ECB Paper Largely Backs Europe’s Austerity Strategy – Real Time Economics

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Fiscal belt tightening tends to weaken confidence in the private sector, according to a paper published Tuesday by the European Central Bank, although those effects can be mitigated by focusing consolidation on spending rather than taxes.

“Consumer confidence falls around announcements of consolidation measures, an effect driven by revenue-based measures,” according to the paper written by an economist at the ECB and a trio of economists from the University of Amsterdam. “The effects on producer confidence are generally similar, but weaker than for consumer confidence.”

The study addresses an issue at the heart of Europe’s response to its debt crisis: whether deficit reduction is a good idea during times of economic weakness. ECB officials have in the past stressed the confidence channel as a reason why government spending cuts can actually lead to more private sector spending and investment.

The results appear to support a key plank of Europe’s strategy by arguing that economic weakness isn’t necessarily a reason to delay consolidation as long as it is focused on spending cuts.

“While it is often asserted that periods of boom are more suitable for consolidation than slump periods, this is not borne out by our monthly sample,” the authors wrote. “In fact, spending-based consolidations do no harm to private sector confidence in slump periods, while they tend to produce a reduction in long interest rates during slumps.”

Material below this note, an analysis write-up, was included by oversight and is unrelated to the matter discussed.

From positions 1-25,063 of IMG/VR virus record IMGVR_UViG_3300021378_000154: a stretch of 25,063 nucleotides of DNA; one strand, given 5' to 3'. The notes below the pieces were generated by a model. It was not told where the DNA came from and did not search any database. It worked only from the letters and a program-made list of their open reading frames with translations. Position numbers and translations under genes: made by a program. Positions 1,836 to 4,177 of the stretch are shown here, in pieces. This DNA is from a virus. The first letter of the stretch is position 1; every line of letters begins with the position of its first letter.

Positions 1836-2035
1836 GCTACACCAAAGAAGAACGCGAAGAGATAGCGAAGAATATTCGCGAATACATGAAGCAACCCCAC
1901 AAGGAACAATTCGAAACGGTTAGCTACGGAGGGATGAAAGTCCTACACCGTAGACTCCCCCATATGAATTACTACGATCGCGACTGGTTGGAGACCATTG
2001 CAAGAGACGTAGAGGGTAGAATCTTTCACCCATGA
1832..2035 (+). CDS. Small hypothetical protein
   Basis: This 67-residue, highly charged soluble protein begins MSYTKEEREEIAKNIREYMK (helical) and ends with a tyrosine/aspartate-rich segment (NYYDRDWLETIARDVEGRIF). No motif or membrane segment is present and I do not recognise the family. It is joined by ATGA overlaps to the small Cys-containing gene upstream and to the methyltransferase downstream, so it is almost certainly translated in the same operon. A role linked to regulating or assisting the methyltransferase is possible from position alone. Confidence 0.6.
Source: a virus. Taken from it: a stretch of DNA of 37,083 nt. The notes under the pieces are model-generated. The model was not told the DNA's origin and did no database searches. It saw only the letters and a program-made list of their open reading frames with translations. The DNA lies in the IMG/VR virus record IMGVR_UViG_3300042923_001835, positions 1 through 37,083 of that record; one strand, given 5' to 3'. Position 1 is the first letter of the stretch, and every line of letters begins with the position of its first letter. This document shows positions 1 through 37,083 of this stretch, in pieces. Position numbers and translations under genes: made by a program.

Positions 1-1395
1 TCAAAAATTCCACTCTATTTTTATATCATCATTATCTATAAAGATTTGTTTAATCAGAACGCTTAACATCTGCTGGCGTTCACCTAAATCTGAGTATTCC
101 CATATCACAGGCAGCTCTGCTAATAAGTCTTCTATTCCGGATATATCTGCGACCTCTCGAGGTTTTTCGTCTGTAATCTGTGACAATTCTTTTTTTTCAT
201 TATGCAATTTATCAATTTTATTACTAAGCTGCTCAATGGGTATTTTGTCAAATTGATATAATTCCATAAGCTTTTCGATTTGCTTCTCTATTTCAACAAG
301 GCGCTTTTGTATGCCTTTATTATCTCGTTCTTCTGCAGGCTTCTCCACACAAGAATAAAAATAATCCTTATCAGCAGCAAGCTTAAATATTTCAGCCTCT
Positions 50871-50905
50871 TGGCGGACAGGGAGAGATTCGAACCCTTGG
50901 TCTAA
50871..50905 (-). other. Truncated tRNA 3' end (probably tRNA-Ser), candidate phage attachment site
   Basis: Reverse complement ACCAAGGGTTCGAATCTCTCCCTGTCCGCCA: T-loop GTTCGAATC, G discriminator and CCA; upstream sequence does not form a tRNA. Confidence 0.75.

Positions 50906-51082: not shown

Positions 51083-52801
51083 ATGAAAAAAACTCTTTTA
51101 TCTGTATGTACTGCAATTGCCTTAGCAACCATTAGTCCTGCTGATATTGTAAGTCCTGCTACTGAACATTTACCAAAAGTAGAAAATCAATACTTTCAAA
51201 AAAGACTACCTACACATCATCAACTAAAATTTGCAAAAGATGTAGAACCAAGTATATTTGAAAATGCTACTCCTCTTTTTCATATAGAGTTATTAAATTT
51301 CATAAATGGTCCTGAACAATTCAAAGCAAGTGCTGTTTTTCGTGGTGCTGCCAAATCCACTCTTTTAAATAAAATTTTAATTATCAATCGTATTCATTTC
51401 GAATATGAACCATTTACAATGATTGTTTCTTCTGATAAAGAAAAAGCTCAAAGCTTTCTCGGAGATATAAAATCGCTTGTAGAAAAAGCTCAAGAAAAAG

The ECB paper examined periods of fiscal consolidation for 17 members of the Organization for Economic Cooperation and Development from 1978 to 2009, and breaks the data down on a monthly basis for a total of 221 policy announcements.

“Generally speaking, consolidation announcements are associated with a reduction in consumer and business confidence, with consumer confidence reacting more strongly,” the authors wrote. “We find that the negative relationship between consumer confidence and consolidation announcements is mostly driven by the announcements of revenue-based consolidations, whereas spending-based consolidations have positive effects on confidence under certain circumstances.”

Those effects of revenue-based measures on consumer confidence were mostly driven by European countries in the sample, the paper noted.
One conclusion seems to be that public spending cuts may still be the way to go for policymakers even during times of economic weakness.

“If confidence is important and consolidation is unavoidable, then there is a strong case for resorting to spending-based consolidation,” the authors wrote, particularly if the country’s fiscal policies are transparent.

Meanwhile, “in contrast to the rather commonly-held view, a slump period may not be a bad moment for a spending-based consolidation,” they wrote.

 


 


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24 March 2015 | 1:33 pm – Source: blogs.wsj.com

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